On the fringe

arts@sfbg.com

THEATER The first show of the first night of this year’s San Francisco Fringe Festival was a local story, a confessional by a man who’s spent 27 years “irritating” his wife and “annoying” his children as a workaday clown. If this isn’t what the Fringe is all about, it’s pretty close.

As a non-curated, lottery-based affair where the artist keeps all proceeds from ticket sales (host Exit Theatre collects donations toward the larger effort, and hopes you’ll buy a beer or two to wash down the Exit Café’s always complimentary bowl of pretzels), the Fringe is a magnet for the tell-all and tawdry solo outing. This is a good part of why we like it. Technically anyone can get in, with presumably almost anything they’d like to stage for a live audience, and, as a result, shamelessness of different sorts abounds. And despite the wide net of possibility cast by the proceedings, a hefty percentage of shows tend to converge around this redoubtable — or is it doubtful? — formula, turning the theater into a kind of confession booth where, if you want to be absolved of anything, you better make it good.

Through the Eyes of a Clown is a heartfelt and not unsympathetic instance of this compulsion. It’s an “apology” by David Magidson, aka Boswick the Clown, unfolding on a small stage lightly cluttered with the paraphernalia of the profession. Using his inside clown voice, the longtime licensed balloon-tier and pratfaller speaks of getting his first laugh at a tender age and never looking back. While self-effacingly frank about the culturally suspect side of his chosen obsession, Magidson, a graduate of Ringling Brothers Clown College, also offers an implicit defense of the calling, pointing to contemporary heroes like Pickle Family alum Bill Irwin (as chance would have it, right then only a couple of blocks away preparing to open at the Geary) and Stephen Colbert (a clown by definition, according to Magidson, because, rather than merely rendering comic critique from outside, his satirical right-wing persona invites you to see the world through his own eyes).

The mix of personal and observational detail can be interesting, and probably has more potential than is admittedly realized here. There are also some intriguing admissions around Magidson’s distance from his audience, his inability to always sympathize with them, even when they’re children in hospitals. It’s the laughs he’s after, and the laughs he needs. This realization stirs an unrest or discomfort in him, but it’s mingled with a specialized solipsism that’s almost clinical.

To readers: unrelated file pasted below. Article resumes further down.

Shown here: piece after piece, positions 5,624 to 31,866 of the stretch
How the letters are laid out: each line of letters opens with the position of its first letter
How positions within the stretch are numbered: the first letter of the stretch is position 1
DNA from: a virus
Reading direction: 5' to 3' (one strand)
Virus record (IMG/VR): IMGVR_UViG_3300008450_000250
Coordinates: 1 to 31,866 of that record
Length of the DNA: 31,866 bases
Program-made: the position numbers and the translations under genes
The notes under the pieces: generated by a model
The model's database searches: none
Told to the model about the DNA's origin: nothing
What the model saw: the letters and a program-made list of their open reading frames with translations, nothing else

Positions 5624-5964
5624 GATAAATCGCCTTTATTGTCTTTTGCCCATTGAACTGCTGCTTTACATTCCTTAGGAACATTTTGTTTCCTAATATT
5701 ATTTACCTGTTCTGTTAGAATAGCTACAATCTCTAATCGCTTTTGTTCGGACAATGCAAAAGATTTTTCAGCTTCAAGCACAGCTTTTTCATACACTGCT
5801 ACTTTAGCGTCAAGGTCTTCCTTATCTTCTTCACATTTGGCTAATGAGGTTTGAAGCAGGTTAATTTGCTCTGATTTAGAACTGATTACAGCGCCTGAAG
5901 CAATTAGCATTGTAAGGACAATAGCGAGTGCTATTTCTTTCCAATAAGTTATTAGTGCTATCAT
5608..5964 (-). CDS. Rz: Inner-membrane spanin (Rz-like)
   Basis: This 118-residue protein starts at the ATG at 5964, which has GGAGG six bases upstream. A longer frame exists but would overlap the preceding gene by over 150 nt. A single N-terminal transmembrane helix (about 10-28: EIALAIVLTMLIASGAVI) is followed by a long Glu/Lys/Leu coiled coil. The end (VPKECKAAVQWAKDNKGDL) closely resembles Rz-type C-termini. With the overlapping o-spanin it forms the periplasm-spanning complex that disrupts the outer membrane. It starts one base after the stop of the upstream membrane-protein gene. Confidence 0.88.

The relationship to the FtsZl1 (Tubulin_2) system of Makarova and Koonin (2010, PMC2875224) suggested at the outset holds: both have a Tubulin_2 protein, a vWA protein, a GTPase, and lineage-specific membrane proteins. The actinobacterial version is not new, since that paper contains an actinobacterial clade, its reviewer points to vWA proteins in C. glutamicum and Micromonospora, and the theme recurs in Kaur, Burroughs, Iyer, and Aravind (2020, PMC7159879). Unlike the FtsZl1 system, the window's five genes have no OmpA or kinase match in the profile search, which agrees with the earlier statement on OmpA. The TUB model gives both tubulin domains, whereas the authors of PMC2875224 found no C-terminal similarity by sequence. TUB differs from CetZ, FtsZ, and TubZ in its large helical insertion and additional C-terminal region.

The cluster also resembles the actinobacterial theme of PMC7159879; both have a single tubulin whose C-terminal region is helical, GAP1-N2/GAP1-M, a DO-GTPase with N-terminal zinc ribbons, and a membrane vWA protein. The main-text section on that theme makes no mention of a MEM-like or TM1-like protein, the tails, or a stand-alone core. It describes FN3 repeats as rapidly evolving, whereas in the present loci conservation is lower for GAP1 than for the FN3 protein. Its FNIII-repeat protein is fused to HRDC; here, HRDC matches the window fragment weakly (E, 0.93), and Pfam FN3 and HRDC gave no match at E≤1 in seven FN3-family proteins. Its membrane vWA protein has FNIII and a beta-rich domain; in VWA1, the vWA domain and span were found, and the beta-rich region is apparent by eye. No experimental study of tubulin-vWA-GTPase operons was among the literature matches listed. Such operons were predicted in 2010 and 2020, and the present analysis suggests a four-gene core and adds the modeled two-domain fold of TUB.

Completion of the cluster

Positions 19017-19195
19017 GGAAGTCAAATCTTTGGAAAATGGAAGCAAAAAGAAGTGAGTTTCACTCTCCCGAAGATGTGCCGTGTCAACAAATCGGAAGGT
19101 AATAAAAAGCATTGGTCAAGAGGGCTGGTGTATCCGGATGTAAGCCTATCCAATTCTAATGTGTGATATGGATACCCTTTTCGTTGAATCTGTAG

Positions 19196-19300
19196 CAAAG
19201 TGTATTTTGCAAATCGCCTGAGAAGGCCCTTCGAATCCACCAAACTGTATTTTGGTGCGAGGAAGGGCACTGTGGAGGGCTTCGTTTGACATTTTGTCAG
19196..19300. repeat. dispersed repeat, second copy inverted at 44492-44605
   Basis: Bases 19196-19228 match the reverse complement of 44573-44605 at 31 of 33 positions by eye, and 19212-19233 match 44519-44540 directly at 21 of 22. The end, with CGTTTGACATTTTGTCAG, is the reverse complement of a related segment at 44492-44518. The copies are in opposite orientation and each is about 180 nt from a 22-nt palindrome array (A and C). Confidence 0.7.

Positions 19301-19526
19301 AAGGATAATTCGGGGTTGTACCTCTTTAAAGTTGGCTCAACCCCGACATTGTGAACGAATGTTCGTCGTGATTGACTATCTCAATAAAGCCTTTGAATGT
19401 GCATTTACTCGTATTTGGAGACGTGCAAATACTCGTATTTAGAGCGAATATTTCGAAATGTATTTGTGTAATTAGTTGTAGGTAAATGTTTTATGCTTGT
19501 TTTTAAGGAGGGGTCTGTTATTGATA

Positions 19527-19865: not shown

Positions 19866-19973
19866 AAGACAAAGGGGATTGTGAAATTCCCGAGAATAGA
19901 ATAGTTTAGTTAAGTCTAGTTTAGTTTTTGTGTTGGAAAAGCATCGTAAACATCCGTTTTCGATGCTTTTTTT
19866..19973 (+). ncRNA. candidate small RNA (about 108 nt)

This confusion and paradox is maybe the heart of this rambling piece — although also impressive are the few (too few) passages of deft physical comedy that show off the highly tuned wackiness and balletic precision of the professional. The writing, however, is a mishmash that needs editing to bring out a stronger arc. More urgently, Magidson could use a directorial hand, since too often the show feels rudderless and his delivery off-kilter. At the same time, the ingenuousness of his account and the boyish enthusiasm middle-aged Magidson still generates for a career choice most people would politely call ill-advised are the real thing, and they suggest that, along with the clown, there’s a better, stronger show lurking somewhere inside.

The second show of the night was a second clown, albeit in gumshoe drag. In 2 Ruby Knockers, 1 Jaded Dick, Melbourne’s Tim Motley fires a volley of one-liners in a hardboiled accent vaguely tinged with an Aussie drawl — a veritable taxonomy of the corny, bawdy similes of the iconic private eye delivered in trademark trench coat, his eyes a band of shadow beneath a well-molded fedora.

For Motley, the PI shtick is a ready vehicle for a little mind reading and a card trick or two as the lights go up on his unsuspecting audience, which gets worked into a convoluted plot involving a (titular) sinister mastermind. Off-the-cuff smarts make the quick-witted Motley’s unabashedly hokey offering an enjoyable as well as somewhat unruly ride, as he does his best to shepherd clueless audience members — themselves doing their best to play along — through a zany caper. *

SF FRINGE FESTIVAL

Through Sept 20 (no shows Mon/15), $10 or less at the door; $12.99 or less online (passes, $45-75)

Exit Theatreplex

156 Eddy, SF

www.sffringe.org